examine for themselves, and they will see that the chapter relates to the cleansing of men and of houses that had been infected with leprosy; and that the dipping, or baptizing, in this case, had reference to a bird, and to the hyssop, the scarlet, and the cedar wood. This dipping, too, as appears by the 5th, 50th, and 5lst verses, was not simply into the blood of a small bird, but into a quantity of water which had been tinged with the blood of the slain bird. The bloody fluid, taken up by the hyssop, was to be sprinkled on the leprous man; and the house infected with leprosy was to be sprinkled in like manner.

Our painful task is completed. It surely affords us no pleasure thus to expose misrepresentations of facts. If it be painful to discern new evidences of the frailty, even of good men, and to be suffering in the estimation of those who place confidence in their erroneous declarations, we cannot but reflect how much more painful it must be, in moments when there is some tenderness of conscience, to have originated and to have circulated those misrepresentations. We would rather suffer wrong than do wrong.

With the reasonings exhibited in this sermon, we are not at all solicitous to interfere. Whatever in it has the least appearance of argument has already, on other occasions, been met and answered.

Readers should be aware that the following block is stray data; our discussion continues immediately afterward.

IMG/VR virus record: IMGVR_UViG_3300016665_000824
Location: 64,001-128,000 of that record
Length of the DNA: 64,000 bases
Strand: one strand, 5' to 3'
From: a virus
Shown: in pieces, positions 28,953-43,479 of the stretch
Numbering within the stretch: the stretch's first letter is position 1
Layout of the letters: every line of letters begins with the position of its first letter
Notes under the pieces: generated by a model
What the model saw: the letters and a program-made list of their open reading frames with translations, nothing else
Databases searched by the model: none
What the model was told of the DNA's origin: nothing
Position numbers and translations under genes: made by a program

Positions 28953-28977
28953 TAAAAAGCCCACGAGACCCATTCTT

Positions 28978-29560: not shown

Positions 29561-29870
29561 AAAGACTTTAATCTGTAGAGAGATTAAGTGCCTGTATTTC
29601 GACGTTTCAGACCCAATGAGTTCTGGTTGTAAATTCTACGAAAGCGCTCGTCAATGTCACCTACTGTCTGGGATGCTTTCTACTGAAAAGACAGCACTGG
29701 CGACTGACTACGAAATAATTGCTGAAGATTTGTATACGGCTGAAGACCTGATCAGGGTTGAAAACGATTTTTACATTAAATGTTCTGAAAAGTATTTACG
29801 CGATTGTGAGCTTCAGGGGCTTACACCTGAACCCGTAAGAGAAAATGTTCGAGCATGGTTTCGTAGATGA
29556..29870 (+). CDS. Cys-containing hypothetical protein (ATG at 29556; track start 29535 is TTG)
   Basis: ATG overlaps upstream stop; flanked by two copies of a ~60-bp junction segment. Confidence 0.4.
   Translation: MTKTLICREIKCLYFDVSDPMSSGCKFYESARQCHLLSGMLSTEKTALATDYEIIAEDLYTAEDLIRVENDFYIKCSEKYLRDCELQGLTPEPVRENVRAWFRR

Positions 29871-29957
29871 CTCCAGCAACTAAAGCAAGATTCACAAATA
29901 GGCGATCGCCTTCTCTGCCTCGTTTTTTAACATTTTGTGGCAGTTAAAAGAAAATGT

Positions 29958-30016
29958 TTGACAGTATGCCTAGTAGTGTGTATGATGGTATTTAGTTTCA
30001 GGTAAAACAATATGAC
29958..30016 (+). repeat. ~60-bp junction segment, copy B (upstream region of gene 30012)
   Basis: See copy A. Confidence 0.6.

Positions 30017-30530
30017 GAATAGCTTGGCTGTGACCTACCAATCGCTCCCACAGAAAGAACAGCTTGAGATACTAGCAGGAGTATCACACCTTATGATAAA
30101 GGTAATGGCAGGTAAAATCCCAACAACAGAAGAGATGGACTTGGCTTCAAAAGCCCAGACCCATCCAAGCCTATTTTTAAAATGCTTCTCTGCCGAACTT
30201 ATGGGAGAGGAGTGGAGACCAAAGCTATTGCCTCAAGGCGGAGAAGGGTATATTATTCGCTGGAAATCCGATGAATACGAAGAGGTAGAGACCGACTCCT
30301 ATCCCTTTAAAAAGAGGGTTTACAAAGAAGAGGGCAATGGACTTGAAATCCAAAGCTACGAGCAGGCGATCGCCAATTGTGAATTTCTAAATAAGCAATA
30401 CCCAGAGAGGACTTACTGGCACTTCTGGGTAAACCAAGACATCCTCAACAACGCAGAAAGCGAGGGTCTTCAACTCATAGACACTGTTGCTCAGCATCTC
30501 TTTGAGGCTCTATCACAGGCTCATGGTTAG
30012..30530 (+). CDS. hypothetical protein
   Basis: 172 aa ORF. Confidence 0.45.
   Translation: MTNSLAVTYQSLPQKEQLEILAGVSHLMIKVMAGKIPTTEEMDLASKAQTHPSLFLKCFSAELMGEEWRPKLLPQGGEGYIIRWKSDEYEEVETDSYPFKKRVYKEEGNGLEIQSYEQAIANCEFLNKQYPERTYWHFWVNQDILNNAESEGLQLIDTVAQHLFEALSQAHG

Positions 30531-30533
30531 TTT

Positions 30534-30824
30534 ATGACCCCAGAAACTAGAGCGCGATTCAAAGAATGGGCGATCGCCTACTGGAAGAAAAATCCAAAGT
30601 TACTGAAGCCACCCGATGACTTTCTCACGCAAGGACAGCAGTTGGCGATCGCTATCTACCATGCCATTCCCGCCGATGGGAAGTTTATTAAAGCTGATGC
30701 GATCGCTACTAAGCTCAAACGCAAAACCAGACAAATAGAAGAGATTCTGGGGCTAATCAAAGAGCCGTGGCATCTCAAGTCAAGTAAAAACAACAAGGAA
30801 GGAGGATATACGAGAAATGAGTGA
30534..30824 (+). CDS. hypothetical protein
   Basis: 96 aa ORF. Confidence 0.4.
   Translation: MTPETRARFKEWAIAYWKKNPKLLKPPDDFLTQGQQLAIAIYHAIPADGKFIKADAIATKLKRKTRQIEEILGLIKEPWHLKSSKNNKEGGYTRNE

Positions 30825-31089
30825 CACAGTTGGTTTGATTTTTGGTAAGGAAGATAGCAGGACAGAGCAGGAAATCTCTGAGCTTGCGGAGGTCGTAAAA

The Imitation of Christ, in three Books; by Thomas à Kempis.

Rendered into English from the original Latin, by John PAYNE.
With an Introductory Essay, by Dr CHALMERS. A new Edi-
tion, edited by Howard Malcom, Pastor of the Federal Street
Baptist Church, Boston. Lincoln & Edmands, pp. 228.

Thomas à Kempis' Imitation of Christ is a work that needs no commendation from us. Its influence in promoting a Christian temper has been great; and it will be greater still. It is Christian truth that our perfect pattern and Lord employs in sanctifying the souls of men. And the more free a work is from error,

the more efficacious, (other things being equal,) may we hope it will be. The truth—the truth as it is in Jesus—whether exhibited by Roman Catholics and other Pedobaptists, or by those who entirely reject water baptism, or by us, with all our imperfections, is precious; and God mercifully blesses it. If he did not, all must perish. But surely in blessing the truth, he does not approve the errors that have often been mingled with it by different denominations of Christians. He is still the same as he was described by the Psalmist : Thou answeredst them, O Lord, our God; thou wast a God that forgaveest them, though thou tookest vengeance of their inventions.t

We rejoice, therefore, in the appearance of the present improved edition. The editor has performed an important service; a brief account of which he thus gives in his preface,

Ps. xcix. 8.